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The prevalence and clustering of cardiovascular risk factors in college students




DeYoung, Wendy A., author
Kuk, Linda, advisor
Gloeckner, Gene, advisor
Li, Kaigang, committee member
Mallette, Dawn, committee member

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Cardiovascular disease (CVD) has been the leading cause of death in the United States for adult men and women for the last 80 years and is a major cause of disability. Additionally, CVD is the second leading cause of death in young adults ages 18 to 29. This chronic disease is typically associated with adults; however, recently CVD has been identified in the younger population as well. The literature on CVD risk factors and college students is very limited. College campuses serve as an ideal setting to examine risk factors for CVD among young adults. College life can lead to multiple changes in lifestyle including changes in activity patterns, dietary intake, sleep patterns, weight fluctuations, alcohol consumption, tobacco use, and drug use. Collectively, the impact of these behaviors sets the stage for the development of multiple risk factors associated with CVD. Therefore, the purpose of this investigation was to identify the prevalence and clustering of CVD risk factors with undergraduate students' age 18 – 25 years old enrolled at Colorado State University (CSU), during the spring semester, 2017. A non-experimental, cross-sectional research design was used to identify the prevalence and clustering of CVD risk factors in the sample. Multiple screenings were centrally located on campus for student convenience. The screening included informed consent, health history questionnaire, resting blood pressure, lipid analysis, and health and wellness questionnaire. A total of 180 students were recruited for the study. The average age was 21.40 years with a range of 18 – 25 year. Over half, 62.18 percent were female, 53.75 percent were seniors, and 81.88 percent were White. Although the study was open to the entire university, 78.62 percent were from the department of Health and Exercise Science. Students from 23 different academic departments were represented in the sample. A total of 706 CVD risk factors were identified including; 208 for nicotine use, 238 with family history of CVD, 42 for high LDLs, 32 for elevated SBP, 24 for elevated DBP, 22 for inactivity, 21 for elevated triglycerides, 20 for elevated total cholesterol, 20 for elevated blood glucose, 19 for low HDLs in males, 15 for low HDLs in females, 39 for BMI ≥ 25 kg/m2), 4 for increase in waist circumference for females, and 2 for an elevated waist circumference in males. The range of CVD risk factors per student was from zero to six. The significance in totality of CVD risk factors in this apparently healthy undergraduate student sample is startling and warrants further examination. Male students showed statistically significant higher glucose, TCHOL/HDL, SBP, and DBP, and were more likely to use cigarettes e-cigarettes, cigars, and smokeless tobacco, anabolic steroids and beer than females. Female students had a statistically significant higher total cholesterol level, HDL, and wine consumption than males. White students had a higher prevalence of hookah and smokeless tobacco, wine, liquor, drinking up to five drinks in one setting, driving after drinking alcohol, and consuming marijuana edibles. Freshmen had a statistically significant lower SBP than sophomores, and seniors. A statistically significant difference was found with seniors consuming more beer than freshman and sophomores. Seniors were also more likely to drive after drinking alcohol than freshman, sophomores, and juniors. Lastly, juniors had a statistically significant higher consumption of marijuana edibles than sophomores did. CSU undergraduate students are more likely to rank their general health as "very good" or "excellent", less likely to have a history of elevated blood pressure, more likely to use hookah, and less likely be obese when compared to undergraduate college students across the nation. Multiple correlations were identified and followed up with simultaneous multiple regressions were completed to investigate the best predictors of tobacco use, hookah use, elevated SBP, elevated DBP, BMI, and elevated total cholesterol. K-means cluster analysis provided a visual display of various groupings for family history of CVD, blood lipids and general health, blood pressure, tobacco and marijuana use, alcohol use, and general health tobacco and alcohol use combined, and drug use. Data were standardized to Z-scores for comparison. The Z-scores greater than three included cigarettes, e-cigarettes, hookah, cigars, smokeless tobacco, cocaine, methamphetamines, and other illegal drugs. Collectively, these results indicate a significant prevalence of CVD risk factors and high alcohol and drug use among the CSU student sample. It is apparent that this undergraduate college student sample may be more at risk for developing subsequent CVD than previously thought and should be screened for CVD beginning at age 20 as recommended by health and medical experts.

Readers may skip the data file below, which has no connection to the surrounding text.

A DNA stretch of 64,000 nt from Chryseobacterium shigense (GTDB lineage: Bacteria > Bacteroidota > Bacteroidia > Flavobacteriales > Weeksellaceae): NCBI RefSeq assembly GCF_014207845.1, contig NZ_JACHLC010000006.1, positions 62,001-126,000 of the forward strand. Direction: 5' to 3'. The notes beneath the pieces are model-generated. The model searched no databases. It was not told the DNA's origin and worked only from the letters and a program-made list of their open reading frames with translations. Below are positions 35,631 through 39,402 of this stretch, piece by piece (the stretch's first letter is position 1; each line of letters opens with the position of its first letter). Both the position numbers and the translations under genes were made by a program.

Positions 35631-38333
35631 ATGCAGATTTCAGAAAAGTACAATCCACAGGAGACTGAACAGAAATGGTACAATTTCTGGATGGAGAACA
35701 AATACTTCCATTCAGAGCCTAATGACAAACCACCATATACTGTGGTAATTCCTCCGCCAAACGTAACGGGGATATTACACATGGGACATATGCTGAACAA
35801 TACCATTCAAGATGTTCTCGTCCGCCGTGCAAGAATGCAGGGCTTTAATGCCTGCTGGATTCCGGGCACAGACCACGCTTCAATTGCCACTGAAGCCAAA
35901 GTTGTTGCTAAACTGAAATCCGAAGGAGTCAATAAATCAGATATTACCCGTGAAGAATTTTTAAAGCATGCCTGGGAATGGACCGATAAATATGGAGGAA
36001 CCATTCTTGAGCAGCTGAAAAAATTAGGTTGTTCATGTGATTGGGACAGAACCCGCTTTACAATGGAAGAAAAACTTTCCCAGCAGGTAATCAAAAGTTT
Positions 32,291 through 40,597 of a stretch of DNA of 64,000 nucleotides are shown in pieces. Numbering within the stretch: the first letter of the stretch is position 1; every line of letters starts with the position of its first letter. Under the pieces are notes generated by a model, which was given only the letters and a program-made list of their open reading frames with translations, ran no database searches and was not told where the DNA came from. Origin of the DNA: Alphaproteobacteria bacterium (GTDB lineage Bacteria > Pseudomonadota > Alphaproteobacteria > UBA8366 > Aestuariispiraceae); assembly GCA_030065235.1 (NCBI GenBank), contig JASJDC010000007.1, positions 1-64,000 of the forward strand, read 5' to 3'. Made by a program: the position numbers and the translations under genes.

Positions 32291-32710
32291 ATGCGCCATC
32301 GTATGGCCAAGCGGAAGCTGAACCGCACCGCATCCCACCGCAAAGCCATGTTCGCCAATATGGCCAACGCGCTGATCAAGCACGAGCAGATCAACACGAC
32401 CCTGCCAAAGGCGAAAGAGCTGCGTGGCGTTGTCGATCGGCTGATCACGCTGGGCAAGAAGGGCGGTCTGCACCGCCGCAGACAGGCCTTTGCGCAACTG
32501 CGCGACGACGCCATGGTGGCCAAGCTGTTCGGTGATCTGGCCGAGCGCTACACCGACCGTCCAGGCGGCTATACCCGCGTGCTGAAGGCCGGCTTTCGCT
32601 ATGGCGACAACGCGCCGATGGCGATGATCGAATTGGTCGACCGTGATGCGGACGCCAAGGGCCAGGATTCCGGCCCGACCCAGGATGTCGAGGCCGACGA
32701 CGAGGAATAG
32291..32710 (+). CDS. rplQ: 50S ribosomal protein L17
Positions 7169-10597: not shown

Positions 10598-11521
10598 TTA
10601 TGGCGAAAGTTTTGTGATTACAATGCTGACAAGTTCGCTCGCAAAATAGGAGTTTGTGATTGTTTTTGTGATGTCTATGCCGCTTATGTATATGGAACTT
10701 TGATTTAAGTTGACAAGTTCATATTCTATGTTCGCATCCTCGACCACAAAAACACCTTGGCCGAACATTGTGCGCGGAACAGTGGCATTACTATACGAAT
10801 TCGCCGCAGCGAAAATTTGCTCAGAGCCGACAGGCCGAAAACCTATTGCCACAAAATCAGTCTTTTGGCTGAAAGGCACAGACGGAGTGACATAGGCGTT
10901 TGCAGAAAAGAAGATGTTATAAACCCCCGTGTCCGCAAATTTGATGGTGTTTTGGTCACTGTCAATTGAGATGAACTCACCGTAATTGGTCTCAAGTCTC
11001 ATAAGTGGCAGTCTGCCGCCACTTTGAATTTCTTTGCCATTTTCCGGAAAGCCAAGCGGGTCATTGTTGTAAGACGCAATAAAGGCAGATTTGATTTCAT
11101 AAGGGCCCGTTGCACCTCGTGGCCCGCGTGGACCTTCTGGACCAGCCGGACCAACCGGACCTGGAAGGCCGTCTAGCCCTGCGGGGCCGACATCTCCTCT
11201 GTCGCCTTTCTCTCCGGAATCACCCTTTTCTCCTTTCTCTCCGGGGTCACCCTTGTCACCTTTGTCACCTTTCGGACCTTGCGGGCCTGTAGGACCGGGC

2017 Fall.
Includes bibliographical references.

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cardiovascular risk factors
college student
tobacco use
blood pressure


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